London, I miss you….


Happy New Year! My first post in 2017 is a tribute to my favourite city and my adopted home, London. Since moving away three years ago, I reminisce about my life back then fairly often. Here are the top things that I miss about London.

  1. The beauty of the city, mixing the old and the modern. I used to live near Canary Wharf. Whenever I had to go to the airport, the taxi took me along the River Thames from East to West and I got to see the beauty of London, from Tower Bridge to the Shard, then going through the City past St Paul’s Cathedral before hitting London Eye and the Big Ben. We then drive past Trafalgar Square and Piccadilly Circus and on towards South Kensington where the museums are. I can’t think of another city with such well-preserved historical monuments, quirky small streets and great character.
  2. If you’re into culture, London is the place to be. Entry to most museums and art galleries are free. There is something for everyone, from plays and musicals to concerts and comedy acts. I took the opportunity to watch at least a couple of musicals a year, the occasional classical or pop concert and stand-up comedy. We also discovered something else that was not only free but thoroughly enjoyable – when we could spare the time, we would sign up and join a queue to be the audience for comedy TV shows such as QI and Have I Got News For You.
  3. London has vast amount of greenery, with large parks located across the city. We have Hyde Park in the centre, Greenwich and Blackheath to the East, Hampstead to the North, Wimbledon and Richmond to the West and Clapham and Battersea to the South. These parks are well maintained and are great for enjoying the sunshine, people watching and just chilling out.
  4. London is one of the most diverse and tolerant cities. When walking through the city, other than English, you will most likely hear other European languages like Italian and French, Asian languages like Chinese, Hindi and Japanese, and of course, American and Australian English. While this is due to London’s popularity as a tourist destination, there are also many foreigners who are residents here. Hence, the city has grown accustomed to diversity and during my years there, I cannot recall a single incident where I was subject to racial discrimination.
  5. We all know that the English are not known for good food. However, due to London’s status as a major city, it has a vibrant and diverse restaurant scene. Even though it may not be as good as the origin country, I was able to have all sorts of cuisines. Here are a few of my top restaurants in London – Barrafina (the only restaurant I would queue over an hour for), Hawksmoor (yummy steak) and The Ledbury (pricey but the best fine dining I’ve had). P.S. I’m salivating as I write this.
  6. I miss the markets in London. There are quite a few – Covent Garden, Camden, Portobello, Greenwich and Borough Market are the ones that I’ve been to. If it’s food you’re after, I recommend Borough Market. For knick-knacks, Camden and Portebello are pretty good. It’s a nice, relaxing and inexpensive way to spend an afternoon in one of these markets.
  7. I can’t say that London is the fashion capital of the world but I really enjoy shopping in London. It is very convenient to shop in London – you can choose between Oxford/Regent Street/Covent Garden or the shopping centres like Westfield, Bluewater. If you’re into high end shopping, Knightsbridge and Bond Street are the places for you. In recent years, other than the European brands, you can also find American brands in London. The sales in the UK can be pretty meaningful, offering 50% or more discounts at certain times of the year. One thing I like is that the sales people in the UK do not hassle their customers and instead, leave us to be unless we ask for help.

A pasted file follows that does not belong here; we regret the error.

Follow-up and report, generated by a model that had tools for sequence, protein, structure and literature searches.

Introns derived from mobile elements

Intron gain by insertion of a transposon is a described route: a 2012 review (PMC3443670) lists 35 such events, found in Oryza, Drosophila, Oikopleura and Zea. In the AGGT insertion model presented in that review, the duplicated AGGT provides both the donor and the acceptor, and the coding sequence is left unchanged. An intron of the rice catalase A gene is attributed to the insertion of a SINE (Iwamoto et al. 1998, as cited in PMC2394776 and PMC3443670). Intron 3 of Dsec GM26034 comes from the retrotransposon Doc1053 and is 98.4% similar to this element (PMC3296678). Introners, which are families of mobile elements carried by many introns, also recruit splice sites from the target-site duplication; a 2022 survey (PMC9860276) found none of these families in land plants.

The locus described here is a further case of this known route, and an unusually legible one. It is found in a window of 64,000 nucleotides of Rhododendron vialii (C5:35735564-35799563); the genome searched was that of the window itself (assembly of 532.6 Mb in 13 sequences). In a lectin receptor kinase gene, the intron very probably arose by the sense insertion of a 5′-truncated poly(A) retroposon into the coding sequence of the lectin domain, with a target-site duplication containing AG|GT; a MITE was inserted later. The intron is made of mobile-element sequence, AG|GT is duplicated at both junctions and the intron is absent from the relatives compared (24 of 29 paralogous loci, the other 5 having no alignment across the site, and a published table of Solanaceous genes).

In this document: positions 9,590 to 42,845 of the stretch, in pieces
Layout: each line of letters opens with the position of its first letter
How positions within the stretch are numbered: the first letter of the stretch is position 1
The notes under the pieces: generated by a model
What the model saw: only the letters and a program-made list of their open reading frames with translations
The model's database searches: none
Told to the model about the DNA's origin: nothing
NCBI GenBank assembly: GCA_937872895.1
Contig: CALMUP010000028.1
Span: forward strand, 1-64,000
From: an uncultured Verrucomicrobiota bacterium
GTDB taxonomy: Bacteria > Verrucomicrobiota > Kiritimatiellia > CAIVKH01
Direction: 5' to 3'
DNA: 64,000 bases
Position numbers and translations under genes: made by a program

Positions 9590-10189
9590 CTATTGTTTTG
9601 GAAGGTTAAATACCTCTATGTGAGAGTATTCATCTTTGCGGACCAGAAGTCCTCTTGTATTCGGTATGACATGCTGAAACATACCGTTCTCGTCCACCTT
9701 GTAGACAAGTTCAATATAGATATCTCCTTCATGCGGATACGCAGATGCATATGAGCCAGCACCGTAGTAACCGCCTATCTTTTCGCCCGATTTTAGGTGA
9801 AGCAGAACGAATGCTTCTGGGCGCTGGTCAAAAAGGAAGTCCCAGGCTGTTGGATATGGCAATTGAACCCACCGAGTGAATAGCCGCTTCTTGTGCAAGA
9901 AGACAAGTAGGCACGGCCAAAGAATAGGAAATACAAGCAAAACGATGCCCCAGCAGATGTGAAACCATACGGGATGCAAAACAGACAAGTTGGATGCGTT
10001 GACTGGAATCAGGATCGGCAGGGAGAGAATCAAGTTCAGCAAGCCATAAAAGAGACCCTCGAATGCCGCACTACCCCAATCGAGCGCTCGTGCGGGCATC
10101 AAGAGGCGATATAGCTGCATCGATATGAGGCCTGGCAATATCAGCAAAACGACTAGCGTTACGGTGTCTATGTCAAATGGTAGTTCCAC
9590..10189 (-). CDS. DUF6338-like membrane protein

8. Even though it is less true of the younger generation and Londoners, the English are still some of the most polite people. Generally, people queue up, hold the door for you and say ‘thank you’ and ‘please’. When I was pregnant in Hong Kong, it was very rare for someone to offer me a seat on the MTR. I noticed the difference when I was back in London for a holiday. Even during rush hour on the Central Line, a few people offered their seats to me.
  9. Flying from London to other places in Europe was convenient and fairly affordable due to the frequent flights operated by budget airlines. For less than GPB100, it is possible to fly to most European cities. Since my student years, I’ve made full use of this opportunity and visited lots of places in Europe. Of the places I’ve visited, Southern Italy tops the list, with gorgeous views, great weather and fantastic food and wine.
  10. Last but not least, I miss the weather. Most people think of London as grey, rainy and cold, which is not far from the truth half the time. However, when it gets over 20 degrees Celsius and the sun is out, London is the best place ever. This could happen anytime between April and October. On days like these, we have picnics or al fresco lunches, read/sleep in the park or stand outside a pub with a drink in our hands. I’d also much rather have the winter in London rather than the hot and humid summer in Hong Kong where I’m stuck indoors in air conditioning day and night.

I can’t wait for my next trip back!

8 thoughts on “London, I miss you….”

    1. Oh yes, the English countryside is under-rated. I love the Cotswolds, Cambridgeshire and Surrey but haven’t spent as much time in Oxfordshire. There are so many cute little villages with lots of character.


  1. I absolutely loved reading this! What a fantastically written tribute to London (I hope you get chance to come back soon 😊)

    (I’ve also just read the ‘About Me’ section on your blog, which I really loved! The way you write captivates me – and I’m really intrigued by your story 😊)

    Liked by 1 person

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